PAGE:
Beachfront dining and an expansive assortment of culinary delights create a commodious yet casual atmosphere as Nikki Beach sates eclectic appetites with a menu of fresh sushi, pizza, steaks, and more. An array of raw seafood, caviar, and succulent appetizer selections such as cornmeal-crusted calamari ($15) complement cocktails and sun-worshiping sessions, and gourmet pizzas created by Italian dough-diviner Enrico Sautto, such as the rocket and rocchetta pizza bubbling with rocchetta cheese and prosciutto crudo beneath fresh arugula, olive oil, and shaved parmesan ($16), satisfy followers of the latest circular-food diet craze.
The Women's International Film & Arts Festival is a nonprofit organization that features the work of talented females each year during women's history month. With women representing only 7% of film directors, this creative collaboration exposes unheard artists by showing 50 films over the course of five days. Pull at your heartstrings by attaching a puppeteer to your body or by catching Forget Me Not, a modern-day love story about a free-spirited woman and a passionate musician with a tragic secret. The gripping tale of In The Name of Freedom, by Isabel Cueva, chronicles the tale of an American soldier in captivity who's life changes forever after meeting another prisoner. This women-centric film festival is sure to send visitors on an artistic rollycoaster that's infinitely preferable to the abstract rollycoasters featured at avant-garde amusement parks, which are mostly just picnic tables.
Caffe Martier's menu yokes together gourmet salads, sandwiches, and Mediterranean fare served in a café with the élan of European-bistro sophistication. Salmon, cream cheese, and sun-dried tomatoes adorn the cod salmon pizza starter's whole-wheat flat bread base before being drizzled with pesto, and the greek bruschetta's feta, kalamata olives, and diced tomatoes play Twister atop foccacio bread. Graze the greenery of the roasted pepper-topped arugula-endive salad or opt for a spinach salad with figs and feta, sprinkled with toasted pecans and roasted peppers before being doused in a spicy lime dressing. Chefs assemble sandwiches and wraps using only kosher meats, and each arrives with an edible sidekick of organic mesclun and chickpea salad.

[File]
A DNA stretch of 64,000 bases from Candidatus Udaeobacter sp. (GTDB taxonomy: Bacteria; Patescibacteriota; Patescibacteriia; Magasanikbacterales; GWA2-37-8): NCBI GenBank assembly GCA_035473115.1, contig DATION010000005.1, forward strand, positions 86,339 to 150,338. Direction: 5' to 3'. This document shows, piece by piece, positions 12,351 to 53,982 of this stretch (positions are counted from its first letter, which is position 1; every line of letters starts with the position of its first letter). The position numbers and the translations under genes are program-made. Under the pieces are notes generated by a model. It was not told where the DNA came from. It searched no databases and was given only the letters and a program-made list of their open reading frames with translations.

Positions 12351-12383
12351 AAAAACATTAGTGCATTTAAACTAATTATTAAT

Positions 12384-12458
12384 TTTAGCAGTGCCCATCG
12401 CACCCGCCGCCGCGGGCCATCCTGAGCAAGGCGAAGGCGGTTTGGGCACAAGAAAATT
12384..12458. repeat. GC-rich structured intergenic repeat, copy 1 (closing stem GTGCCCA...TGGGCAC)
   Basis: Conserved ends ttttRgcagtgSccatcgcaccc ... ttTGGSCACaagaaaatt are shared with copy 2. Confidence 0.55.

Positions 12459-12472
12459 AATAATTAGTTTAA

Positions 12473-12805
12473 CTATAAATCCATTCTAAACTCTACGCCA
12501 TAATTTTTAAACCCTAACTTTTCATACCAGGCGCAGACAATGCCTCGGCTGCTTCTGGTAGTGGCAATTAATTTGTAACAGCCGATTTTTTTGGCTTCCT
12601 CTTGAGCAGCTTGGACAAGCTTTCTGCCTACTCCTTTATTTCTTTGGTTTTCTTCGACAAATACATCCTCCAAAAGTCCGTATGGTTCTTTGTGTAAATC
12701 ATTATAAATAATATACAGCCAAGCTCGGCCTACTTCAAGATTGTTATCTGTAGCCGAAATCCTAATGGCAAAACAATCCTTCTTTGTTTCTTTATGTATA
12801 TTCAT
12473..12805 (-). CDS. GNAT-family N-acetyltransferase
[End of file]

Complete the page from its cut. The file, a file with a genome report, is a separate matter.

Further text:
Nestled inside the Newport Beachside Resort, Kitchen 305 serves sea-inspired dishes in a modern dining room with linen-draped tables illuminated by vibrant blue lights. Chef Julius Brown, who brings talents perfected at Starwood Hotels & Resorts, directs the creative plating of seafood dishes including bluefin tuna, crab cakes, and steamed salmon. Turf options include chicken, rack of lamb, and skirt steak. On select evenings, a resident DJ pumps out tunes from the 80s, 90s and present day, and a master chef bestows expert sushi-making techniques during on-site culinary classes.
From the moment guests step into its entryway and pass its showcase of Fabergé eggs, Tatiana Restaurant & Cabaret Show carefully choreographs a journey through the nobility and flair of Russia's history. Like an Eastern European palace, its opulence stretches through three levels and 10,500 square feet, adorned with grand-cathedral balconies, Murano glass fixtures, and an ornate ceiling hammered with 24-karat gold accents that took artists four months to complete. And yet, this splendor can be quickly eclipsed once dinner begins. From à la carte and prix fixe menus, up to 600 guests dine on traditional Russian cuisine that includes a cold beet borscht, but is not limited to it. When a Miami.com reviewer visited Tatiana’s, she praised the vareniki—semicircle ravioli filled with potatoes, cheese, or sour cherries.
After the meal, Tatiana’s swaps bustling servers for a swarm of singers, dancers, and DJs. During shows that pay homage to Russian culture, Moulin Rouge, and Las Vegas–style cabarets, the performers twirl through smoke and light on and off a stage that can rise six feet in the air to aid performers in midshow slam dunks. The house band continues to wail after the smoke has cleared, opening up the dance floor for couples who can pas de deux into the wee morning hours.
Beautiful waitresses clad in plaid mini kilts crisscross Tilted Kilt, hoisting trays of Celtic-themed pub fare as sports fans catch games on high-definition TVs. Almost a decade old, the Tilted Kilt franchise originated in Las Vegas, where restaurateur Mark DiMartino first conceived of a sports bar with Irish touches—an idea that has since spread across the country. Patrons can stay out late at the pub, spending the night sipping on beers while sampling burgers, fish ‘n’ chips, or shepherd’s pie filled with beef and veggies. On a weekly basis, musicians enliven the already party-like atmosphere, strumming tunes or throwing up fistfuls of counterfeit money on the eatery’s patio.